The sound of the nation reflects through its festivals. Indian festivals are so vast in number and variant in form, colorful and soulful that these cannot be compressed into the confines of the space limit of a calendar.
Yet the festivals briefly described below give a glimpse of the richness of these festivals-both in form and content.
1. Makar Sakrant:- (January 14) Astronomically the day denotes the entry of sun in the sign of Capricorn whence Uttrayan (Northward transit of sun) begins. It is considered to be an auspicious occasion for performing religious rites to propitiate gods in order to fulfill the desires. In fact, it is welcoming the change heralding the imminent advent of spring. Bath in Holy – river water is also considered to be beneficial.
2. Vasant Panchami:- Vasant means spring, its arrival is welcomed by the cooing of cuckoos, the blooming of flowers, blowing of pleasant breeze filling that air with fragrance, the merry singing of streams-all invigorating body and soul. Lord Vishnu is especially worshipped in order to be blessed with joy and prosperity.
3. Maha Shivratri:- It occurs on the thithi of chathurthasi, the 13th day from full moon of Falgun (February-March). It is believed to be the most auspicious day to propitiate Lord Shiva and seek his blessings to tide over the worldly hurdles as well as obtain salvation.
4. Holi (Holika Dahan):- This is the most merry and colorful festivals of India. It is backed by two legends, on being the immolation of the demoness Holika, despite her immunization from fires due to her misuse of the boon to eliminate child Prahlad the staunch devotee of Lord Vishnu and the other being Lord Krishna’s joyful play with the Gopis of Dwarika.
As a mark of burning of Holika, the demoness, a bonfire is made at night. On the ensuing day right from morning, it is merry celebration with singing, dancing, smearing & spraying of colors on and by all casting of all barriers of age, caste, and creed. The festivals falls on the day of poornima in the month of Falgun and the succeeding day.
5. Ram Navmi:- Ram Navmi is celebrated to commemorate the birth of Lord Ram. It falls on the 9th tithi from the Indian New Year day in Chaitra Shukla. Navaratri Parna is also observed this nine days period (Navaratri), when fasting and austere living are observed to invoke the blessings of goddess Durga.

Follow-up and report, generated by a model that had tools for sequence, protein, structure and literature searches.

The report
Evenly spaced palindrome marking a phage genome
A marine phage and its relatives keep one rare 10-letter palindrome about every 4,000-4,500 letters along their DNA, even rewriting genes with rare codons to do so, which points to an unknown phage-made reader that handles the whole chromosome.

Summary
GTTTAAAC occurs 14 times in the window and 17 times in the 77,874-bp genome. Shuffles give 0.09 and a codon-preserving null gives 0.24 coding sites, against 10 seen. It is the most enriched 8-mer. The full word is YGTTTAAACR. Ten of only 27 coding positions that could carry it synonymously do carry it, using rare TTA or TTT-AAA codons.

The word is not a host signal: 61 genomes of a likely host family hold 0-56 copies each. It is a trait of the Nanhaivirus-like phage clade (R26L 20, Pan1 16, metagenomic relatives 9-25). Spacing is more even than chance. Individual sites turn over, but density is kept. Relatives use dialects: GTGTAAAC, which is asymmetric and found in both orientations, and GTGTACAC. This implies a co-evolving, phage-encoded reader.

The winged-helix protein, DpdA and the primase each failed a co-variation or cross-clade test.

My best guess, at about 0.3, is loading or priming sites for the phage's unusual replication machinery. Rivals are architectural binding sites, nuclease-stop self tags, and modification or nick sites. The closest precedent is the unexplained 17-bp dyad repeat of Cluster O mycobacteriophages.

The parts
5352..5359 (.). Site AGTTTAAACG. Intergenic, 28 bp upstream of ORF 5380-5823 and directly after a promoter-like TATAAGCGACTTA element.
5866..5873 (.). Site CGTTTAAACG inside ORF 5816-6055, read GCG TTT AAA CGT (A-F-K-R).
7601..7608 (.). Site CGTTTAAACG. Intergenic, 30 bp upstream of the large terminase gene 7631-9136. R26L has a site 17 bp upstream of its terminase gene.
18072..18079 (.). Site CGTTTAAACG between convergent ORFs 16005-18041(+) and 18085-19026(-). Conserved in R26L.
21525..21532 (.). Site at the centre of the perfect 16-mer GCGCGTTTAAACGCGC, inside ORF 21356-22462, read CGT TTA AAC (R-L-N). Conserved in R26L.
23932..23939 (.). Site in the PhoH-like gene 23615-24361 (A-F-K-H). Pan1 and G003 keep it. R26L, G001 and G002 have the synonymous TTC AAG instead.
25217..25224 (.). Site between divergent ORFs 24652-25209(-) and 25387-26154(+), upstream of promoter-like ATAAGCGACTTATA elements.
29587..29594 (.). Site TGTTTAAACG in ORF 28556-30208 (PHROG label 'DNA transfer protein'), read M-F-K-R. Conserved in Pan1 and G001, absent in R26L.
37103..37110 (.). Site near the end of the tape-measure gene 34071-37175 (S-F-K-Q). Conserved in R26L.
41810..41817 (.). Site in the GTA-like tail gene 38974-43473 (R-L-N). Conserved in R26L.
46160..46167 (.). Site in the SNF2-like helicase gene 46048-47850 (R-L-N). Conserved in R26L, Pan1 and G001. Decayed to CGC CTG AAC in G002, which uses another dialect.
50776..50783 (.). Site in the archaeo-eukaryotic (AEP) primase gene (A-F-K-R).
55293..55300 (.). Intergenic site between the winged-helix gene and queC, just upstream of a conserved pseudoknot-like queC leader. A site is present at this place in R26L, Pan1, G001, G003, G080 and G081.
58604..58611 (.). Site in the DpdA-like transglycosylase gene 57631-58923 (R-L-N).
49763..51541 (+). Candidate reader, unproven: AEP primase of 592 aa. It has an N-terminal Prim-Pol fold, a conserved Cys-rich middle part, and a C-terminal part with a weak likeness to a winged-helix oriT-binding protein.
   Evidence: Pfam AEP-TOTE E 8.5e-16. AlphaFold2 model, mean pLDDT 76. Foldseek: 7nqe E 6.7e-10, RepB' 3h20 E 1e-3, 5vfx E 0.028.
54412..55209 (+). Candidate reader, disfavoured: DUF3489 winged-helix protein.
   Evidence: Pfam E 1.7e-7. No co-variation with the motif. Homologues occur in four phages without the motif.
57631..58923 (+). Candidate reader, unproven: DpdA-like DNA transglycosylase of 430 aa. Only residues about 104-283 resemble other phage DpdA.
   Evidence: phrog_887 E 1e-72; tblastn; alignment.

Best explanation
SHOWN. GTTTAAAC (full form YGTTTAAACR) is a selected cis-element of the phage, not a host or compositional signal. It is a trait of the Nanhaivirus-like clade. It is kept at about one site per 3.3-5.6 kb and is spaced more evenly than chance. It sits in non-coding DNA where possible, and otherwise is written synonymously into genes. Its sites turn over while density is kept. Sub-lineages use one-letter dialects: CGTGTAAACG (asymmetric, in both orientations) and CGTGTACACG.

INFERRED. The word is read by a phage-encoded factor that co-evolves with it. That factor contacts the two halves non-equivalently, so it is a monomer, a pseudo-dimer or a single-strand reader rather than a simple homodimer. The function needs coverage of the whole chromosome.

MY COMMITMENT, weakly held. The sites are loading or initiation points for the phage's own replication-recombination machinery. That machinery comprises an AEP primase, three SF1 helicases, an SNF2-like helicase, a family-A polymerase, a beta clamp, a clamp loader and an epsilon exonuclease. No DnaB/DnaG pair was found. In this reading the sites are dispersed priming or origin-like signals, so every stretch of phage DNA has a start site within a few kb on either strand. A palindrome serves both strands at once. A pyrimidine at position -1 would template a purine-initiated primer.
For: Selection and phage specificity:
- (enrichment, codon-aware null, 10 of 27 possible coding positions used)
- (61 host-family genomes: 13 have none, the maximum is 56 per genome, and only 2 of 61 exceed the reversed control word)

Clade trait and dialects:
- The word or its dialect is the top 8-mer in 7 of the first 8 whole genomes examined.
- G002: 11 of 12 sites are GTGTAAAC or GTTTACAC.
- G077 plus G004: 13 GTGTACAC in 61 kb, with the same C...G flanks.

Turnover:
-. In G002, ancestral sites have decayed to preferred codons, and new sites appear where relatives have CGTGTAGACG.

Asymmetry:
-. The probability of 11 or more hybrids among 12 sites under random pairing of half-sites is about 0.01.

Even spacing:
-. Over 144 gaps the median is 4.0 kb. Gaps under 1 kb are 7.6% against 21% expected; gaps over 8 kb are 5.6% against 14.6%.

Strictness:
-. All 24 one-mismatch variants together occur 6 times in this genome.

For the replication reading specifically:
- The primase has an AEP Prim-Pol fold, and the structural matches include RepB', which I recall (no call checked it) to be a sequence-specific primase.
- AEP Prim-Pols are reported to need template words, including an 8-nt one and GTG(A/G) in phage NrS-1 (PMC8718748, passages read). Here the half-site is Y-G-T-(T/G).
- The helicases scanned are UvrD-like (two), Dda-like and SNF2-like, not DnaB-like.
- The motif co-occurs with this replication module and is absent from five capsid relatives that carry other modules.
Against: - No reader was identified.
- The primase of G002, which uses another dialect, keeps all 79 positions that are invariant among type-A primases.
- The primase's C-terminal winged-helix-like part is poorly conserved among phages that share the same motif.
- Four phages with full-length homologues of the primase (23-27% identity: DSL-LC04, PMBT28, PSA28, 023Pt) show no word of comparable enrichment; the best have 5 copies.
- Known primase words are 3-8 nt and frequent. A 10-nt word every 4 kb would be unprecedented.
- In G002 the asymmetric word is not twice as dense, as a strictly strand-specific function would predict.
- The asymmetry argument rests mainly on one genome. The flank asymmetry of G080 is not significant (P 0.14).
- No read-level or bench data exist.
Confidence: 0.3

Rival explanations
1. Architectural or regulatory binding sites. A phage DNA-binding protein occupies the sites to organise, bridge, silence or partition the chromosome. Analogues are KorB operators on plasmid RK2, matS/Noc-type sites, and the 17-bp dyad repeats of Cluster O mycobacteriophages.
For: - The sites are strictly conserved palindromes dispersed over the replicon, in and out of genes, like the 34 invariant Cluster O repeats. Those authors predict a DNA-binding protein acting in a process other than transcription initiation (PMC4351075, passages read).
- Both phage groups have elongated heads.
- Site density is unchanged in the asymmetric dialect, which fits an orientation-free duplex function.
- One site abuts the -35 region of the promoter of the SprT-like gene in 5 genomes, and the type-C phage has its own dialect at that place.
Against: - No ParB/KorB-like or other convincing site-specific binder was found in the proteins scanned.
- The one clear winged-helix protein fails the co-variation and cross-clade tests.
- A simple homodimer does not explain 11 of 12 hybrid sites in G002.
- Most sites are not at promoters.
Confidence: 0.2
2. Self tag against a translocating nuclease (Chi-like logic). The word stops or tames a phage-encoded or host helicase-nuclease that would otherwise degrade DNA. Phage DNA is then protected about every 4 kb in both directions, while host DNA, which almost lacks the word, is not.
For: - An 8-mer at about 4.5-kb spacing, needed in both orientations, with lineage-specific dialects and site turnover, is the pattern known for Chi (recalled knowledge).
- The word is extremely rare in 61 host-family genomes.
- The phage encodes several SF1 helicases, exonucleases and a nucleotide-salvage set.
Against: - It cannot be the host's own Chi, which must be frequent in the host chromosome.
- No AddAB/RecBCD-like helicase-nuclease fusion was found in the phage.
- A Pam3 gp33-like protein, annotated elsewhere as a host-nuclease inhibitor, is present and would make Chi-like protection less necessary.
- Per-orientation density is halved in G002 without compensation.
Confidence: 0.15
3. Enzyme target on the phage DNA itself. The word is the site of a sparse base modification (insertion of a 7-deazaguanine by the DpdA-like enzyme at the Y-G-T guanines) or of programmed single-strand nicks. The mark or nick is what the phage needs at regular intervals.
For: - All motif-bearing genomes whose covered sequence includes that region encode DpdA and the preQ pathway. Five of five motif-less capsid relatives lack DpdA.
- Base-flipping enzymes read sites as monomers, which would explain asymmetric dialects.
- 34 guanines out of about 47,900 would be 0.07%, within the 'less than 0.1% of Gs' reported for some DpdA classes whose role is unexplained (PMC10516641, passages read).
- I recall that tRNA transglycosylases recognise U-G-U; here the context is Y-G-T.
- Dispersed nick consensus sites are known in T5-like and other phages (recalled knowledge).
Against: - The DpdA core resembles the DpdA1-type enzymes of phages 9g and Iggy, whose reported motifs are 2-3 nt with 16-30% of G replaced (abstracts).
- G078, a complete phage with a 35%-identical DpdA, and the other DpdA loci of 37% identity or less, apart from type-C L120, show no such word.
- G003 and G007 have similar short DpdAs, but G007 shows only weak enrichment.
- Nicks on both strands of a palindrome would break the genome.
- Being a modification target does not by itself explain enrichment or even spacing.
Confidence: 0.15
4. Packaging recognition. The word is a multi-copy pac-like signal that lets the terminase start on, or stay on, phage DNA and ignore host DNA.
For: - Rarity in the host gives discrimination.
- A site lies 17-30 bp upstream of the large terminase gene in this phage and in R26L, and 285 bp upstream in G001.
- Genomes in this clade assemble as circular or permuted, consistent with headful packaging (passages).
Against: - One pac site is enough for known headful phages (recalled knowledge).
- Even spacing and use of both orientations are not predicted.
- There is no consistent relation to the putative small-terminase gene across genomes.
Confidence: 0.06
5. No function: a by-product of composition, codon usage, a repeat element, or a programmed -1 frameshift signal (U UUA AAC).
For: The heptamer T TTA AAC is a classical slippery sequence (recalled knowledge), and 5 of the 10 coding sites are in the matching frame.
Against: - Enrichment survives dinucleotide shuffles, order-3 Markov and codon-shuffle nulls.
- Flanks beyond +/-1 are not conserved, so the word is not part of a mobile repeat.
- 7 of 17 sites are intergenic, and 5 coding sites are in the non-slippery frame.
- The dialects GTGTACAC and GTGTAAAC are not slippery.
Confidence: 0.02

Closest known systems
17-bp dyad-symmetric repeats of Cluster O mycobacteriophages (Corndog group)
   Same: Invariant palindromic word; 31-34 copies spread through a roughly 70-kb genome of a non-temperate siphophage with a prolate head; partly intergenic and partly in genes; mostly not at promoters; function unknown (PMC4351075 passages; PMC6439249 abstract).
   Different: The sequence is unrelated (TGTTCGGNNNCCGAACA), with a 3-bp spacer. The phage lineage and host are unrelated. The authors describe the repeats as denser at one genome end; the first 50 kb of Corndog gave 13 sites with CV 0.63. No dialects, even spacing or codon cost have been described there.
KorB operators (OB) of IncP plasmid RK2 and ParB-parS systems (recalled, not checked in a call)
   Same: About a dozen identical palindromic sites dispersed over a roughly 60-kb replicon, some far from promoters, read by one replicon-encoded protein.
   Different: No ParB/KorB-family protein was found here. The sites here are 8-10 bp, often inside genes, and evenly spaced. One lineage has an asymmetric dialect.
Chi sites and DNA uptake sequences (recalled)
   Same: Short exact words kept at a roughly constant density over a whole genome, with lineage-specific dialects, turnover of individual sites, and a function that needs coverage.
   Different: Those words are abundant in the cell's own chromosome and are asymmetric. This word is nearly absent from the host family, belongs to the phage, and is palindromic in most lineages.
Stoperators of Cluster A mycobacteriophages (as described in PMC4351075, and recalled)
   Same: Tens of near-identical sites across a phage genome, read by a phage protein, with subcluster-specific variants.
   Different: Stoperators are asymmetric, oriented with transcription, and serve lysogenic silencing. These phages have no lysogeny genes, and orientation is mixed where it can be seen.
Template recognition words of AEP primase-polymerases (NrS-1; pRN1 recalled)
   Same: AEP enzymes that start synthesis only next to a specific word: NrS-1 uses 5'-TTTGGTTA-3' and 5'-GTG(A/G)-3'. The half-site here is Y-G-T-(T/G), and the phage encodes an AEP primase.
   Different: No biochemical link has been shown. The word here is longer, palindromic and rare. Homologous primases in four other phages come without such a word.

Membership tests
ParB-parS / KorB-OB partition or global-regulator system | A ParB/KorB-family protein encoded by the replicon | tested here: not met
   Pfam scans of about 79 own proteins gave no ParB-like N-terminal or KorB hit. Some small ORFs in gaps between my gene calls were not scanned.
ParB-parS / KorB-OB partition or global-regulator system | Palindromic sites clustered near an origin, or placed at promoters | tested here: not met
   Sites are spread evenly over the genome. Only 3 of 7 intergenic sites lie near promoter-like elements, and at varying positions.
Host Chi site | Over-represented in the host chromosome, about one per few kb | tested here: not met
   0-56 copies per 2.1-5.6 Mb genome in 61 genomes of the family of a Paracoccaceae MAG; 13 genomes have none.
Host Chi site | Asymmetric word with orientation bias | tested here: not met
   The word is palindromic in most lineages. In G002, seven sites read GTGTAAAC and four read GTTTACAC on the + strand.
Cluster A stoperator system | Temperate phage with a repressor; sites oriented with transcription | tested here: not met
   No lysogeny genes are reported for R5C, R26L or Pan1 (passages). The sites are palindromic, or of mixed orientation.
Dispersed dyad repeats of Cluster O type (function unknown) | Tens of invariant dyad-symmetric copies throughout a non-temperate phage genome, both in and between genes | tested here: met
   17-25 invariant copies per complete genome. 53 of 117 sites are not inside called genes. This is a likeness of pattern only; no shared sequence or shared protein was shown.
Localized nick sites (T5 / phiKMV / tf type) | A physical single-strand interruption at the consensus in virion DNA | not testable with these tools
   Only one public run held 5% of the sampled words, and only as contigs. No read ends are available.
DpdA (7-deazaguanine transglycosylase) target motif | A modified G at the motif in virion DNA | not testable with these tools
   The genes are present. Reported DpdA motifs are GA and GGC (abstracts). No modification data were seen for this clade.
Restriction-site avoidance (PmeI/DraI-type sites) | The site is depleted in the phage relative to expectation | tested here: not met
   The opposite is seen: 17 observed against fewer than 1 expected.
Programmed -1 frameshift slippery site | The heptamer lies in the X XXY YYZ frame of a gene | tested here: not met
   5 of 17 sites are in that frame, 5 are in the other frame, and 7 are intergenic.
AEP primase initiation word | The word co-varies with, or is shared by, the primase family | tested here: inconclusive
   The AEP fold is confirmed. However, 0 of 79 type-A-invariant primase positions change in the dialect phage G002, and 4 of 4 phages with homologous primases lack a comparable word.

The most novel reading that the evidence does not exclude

Laghu anushthan during this period by chanting of Gayatri Mantra 24,000 times and performing yagya is considered to be highly beneficial. Lord Ram’s birth is looked upon as the beginning of the end of evil era.
6. Raksha Bandhan:- It falls on the full moon day in the month of Shrawan (July-August). Two festivals are observed on this day-Shravani and Raksha Bandhan. Shravani enjoins on the performer to clean his body, perform the Pooja as ordained in the scriptures in order to propitiate gods and ancestral spirits so as to be bestowed upon with all the blessings.
The preceptor begins the year’s academic session on this day. The celebration of Raksha Bandhan is much more popular. On this day, the sister ties a thread on the wrist of her brother(s) as a mark of the unbreakable love of each other and the brother’s obligation to guard the sister through out the life.
7. Janmashtami:- Janmashtami is the birthday celebration of Lord Krishna. It is celebrated on the 8th Tithi of the dark fortnight in the month of Bhadrapad (August-September). In the night, songs and stories related to Krishna’s birth are sung and narrated.
As the moment of Krishna’s birth arrives, he is devotionally welcomed. His idol is then offered Pooja. There after sweets are distributed as mark of joy since the birth of Krishna denotes the advent of the annihilator of evils. Feasts are also arranged to celebrated the occasion.
8. Ganesh Chaturthi:- Lord Ganesh occupies the first place in the Pooja system of Hindus. He is believed to be the evil dispelled. Any undertaking began with the worship of Lord Ganesh is believed to get on safe and reach success. The fourth tithi of the bright fortnight in the month of Bhadrapad (August-September) is celebrated as Ganesh Chaturthi.